NEW YORK (Reuters) – Weekly applications for U.S. home mortgages fell to their lowest level in five months even as borrowing costs declined, according to data from an industry group released on Wednesday.
The Mortgage Bankers Association said its seasonally adjusted index of mortgage activity for home purchases, a leading indicator of housing sales, fell 2 percent in the week ended on July 29 to its lowest level since late February.
Interest rates on 30-year fixed-rate mortgages, the most widely held type of U.S. home loans, declined last week in step with benchmark Treasury yields. <US10YT=RR>
Thirty-year loan rates hit a more than three-year low last month as longer-dated U.S. yields had fallen to historic lows on worries about global economic growth and immense overseas demand for U.S. bonds.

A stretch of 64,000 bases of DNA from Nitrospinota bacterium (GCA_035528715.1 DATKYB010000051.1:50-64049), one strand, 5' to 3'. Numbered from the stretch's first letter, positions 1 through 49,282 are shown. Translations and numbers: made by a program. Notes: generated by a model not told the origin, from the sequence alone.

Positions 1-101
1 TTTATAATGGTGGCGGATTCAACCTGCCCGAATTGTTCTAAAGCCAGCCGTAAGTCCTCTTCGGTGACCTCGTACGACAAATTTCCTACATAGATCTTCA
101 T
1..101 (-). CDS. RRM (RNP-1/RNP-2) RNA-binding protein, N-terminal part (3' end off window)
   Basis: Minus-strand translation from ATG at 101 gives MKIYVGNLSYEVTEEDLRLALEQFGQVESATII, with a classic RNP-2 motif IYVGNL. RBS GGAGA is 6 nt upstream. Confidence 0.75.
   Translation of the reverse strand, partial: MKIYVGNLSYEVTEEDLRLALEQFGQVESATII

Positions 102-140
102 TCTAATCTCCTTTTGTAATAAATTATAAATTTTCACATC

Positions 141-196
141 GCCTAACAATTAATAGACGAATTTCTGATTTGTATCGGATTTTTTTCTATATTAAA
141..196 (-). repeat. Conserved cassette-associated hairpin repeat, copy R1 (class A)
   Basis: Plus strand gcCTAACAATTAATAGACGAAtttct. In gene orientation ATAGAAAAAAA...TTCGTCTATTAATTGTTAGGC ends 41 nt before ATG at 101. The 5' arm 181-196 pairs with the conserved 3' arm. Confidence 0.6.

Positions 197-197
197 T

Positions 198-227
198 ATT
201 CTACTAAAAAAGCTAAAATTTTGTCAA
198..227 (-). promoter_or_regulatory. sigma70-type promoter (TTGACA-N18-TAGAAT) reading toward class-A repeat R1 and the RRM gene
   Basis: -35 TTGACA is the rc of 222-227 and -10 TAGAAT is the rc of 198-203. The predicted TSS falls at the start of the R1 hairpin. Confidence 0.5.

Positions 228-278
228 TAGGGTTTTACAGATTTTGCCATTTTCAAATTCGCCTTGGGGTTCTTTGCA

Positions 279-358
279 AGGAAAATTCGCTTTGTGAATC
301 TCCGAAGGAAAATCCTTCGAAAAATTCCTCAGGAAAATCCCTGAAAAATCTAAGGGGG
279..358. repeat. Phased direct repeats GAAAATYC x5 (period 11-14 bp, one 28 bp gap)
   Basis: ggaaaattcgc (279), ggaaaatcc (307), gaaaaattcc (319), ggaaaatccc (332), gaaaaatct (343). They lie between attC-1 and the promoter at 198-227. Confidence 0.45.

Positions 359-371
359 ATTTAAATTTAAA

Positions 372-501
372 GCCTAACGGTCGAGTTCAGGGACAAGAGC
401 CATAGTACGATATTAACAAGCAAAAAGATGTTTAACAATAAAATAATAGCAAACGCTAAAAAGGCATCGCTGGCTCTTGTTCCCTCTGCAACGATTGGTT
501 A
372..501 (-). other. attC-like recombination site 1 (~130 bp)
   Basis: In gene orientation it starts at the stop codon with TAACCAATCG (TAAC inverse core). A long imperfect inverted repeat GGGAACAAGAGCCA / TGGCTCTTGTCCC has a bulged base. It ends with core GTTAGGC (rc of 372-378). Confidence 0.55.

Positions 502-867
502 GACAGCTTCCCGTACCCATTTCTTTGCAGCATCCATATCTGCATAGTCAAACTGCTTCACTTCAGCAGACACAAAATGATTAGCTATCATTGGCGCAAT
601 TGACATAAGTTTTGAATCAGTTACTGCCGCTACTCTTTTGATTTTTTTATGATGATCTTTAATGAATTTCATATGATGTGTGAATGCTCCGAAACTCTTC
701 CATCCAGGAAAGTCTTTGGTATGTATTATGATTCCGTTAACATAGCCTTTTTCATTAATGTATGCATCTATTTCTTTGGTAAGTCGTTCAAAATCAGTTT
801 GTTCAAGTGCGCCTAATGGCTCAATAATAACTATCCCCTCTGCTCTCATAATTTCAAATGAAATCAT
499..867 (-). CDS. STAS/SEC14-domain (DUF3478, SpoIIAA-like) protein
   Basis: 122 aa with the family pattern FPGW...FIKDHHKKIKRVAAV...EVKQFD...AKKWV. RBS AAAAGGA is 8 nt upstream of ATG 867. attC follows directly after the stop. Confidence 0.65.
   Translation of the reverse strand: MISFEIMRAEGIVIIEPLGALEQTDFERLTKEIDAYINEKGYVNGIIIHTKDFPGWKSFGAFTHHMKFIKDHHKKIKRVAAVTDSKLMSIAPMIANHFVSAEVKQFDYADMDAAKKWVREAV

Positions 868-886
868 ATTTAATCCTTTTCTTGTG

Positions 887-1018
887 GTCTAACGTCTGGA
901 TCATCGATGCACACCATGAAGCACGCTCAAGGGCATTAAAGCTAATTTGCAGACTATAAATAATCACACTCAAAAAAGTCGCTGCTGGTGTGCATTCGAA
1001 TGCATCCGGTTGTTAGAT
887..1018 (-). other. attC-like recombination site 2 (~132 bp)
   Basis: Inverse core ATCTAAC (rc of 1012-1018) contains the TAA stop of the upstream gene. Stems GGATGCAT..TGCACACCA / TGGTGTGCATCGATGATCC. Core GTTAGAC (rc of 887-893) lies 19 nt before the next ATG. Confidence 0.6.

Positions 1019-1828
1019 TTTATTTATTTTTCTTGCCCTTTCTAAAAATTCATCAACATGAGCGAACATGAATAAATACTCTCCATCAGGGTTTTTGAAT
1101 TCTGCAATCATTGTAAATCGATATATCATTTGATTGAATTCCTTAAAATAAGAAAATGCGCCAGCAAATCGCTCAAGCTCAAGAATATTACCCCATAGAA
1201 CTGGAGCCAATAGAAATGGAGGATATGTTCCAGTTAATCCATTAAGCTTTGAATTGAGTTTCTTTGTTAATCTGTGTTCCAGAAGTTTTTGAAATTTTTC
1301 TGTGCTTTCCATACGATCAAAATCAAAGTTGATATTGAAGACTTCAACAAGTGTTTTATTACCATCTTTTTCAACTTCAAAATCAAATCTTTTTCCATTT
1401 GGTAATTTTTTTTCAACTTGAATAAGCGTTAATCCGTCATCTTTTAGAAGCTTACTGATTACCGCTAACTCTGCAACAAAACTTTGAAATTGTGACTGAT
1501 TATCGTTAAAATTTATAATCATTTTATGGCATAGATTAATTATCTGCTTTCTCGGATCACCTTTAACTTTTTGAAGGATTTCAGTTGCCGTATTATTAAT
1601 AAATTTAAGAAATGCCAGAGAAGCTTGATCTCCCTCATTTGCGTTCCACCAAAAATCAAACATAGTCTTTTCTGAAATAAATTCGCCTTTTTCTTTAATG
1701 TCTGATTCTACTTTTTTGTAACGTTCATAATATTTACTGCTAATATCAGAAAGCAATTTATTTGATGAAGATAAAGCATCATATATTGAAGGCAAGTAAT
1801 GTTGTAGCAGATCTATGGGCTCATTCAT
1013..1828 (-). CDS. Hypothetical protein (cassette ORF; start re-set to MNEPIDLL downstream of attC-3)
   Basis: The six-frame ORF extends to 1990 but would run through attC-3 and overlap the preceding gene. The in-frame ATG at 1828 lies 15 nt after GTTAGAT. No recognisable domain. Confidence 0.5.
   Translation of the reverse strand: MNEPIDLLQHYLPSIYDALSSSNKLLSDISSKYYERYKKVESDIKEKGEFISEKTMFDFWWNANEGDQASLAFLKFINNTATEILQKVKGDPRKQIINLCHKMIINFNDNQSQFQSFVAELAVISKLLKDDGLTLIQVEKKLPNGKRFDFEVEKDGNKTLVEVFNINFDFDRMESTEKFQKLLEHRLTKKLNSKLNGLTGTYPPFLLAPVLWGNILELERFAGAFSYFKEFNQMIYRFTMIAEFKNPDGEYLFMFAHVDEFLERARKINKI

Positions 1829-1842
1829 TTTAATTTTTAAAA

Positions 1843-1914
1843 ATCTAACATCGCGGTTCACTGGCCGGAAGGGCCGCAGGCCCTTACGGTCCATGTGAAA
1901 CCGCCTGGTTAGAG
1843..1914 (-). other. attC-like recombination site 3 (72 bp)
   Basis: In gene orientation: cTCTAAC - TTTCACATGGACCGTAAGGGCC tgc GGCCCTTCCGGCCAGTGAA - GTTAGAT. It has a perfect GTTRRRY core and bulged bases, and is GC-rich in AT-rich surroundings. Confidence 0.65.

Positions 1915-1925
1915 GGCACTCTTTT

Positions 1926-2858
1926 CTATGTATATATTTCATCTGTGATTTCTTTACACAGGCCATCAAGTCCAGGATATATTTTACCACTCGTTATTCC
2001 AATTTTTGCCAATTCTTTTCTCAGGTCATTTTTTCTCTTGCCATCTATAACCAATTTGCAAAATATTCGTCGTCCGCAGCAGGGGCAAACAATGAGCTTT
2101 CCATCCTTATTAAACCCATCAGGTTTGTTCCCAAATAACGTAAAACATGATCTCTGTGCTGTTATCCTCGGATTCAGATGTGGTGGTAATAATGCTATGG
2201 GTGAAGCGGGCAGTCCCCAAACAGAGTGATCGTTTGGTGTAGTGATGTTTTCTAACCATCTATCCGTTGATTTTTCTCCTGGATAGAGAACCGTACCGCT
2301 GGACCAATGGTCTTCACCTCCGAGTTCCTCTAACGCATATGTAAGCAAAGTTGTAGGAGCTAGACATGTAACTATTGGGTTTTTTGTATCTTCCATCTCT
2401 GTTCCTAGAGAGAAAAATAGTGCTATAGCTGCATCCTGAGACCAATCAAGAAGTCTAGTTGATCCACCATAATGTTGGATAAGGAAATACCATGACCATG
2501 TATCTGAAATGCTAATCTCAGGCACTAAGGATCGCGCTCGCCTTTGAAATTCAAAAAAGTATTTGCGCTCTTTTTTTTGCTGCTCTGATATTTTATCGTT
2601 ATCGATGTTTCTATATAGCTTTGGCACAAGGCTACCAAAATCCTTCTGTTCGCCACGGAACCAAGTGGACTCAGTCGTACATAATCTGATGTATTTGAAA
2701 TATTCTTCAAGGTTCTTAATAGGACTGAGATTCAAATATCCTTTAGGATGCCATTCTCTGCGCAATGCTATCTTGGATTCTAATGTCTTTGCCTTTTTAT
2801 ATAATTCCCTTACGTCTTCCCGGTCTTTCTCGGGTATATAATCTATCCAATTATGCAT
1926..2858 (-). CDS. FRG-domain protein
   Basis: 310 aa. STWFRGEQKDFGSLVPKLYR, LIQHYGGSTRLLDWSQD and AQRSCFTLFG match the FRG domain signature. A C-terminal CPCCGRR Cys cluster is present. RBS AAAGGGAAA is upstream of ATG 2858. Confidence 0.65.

The MBA’s seasonally adjusted gauge on refinancing applications fell 4 percent from the prior week. It reached its highest level since June 2013 in the week ended on July 8.
The group’s seasonally adjusted index of total mortgage activity fell 3.5 percent from the previous week. It was down for the third straight week after hitting a three-year peak in July.
The share of weekly refinancing requests was 60.7 percent of total applications, compared with 61.1 percent the previous week, the Washington-based group said.
The average rate on “conforming” 30-year home mortgages, or loans with balances of $417,000 or less, fell to 3.67 percent last week from 3.69 percent, MBA said.
The average 30-year rate touched 3.60 percent in the week ended July 8, which was the lowest since May 2013 and not far from the historic low of 3.47 percent struck in December 2012, according to MBA data.
The benchmark 10-year Treasury yield <US10YT=RR> fell to a record low of 1.321 percent on July 6. It was 1.540 percent on Wednesday, up slightly from late on Tuesday, according to Reuters data.
(Reporting by Richard Leong; Editing by Lisa Von Ahn)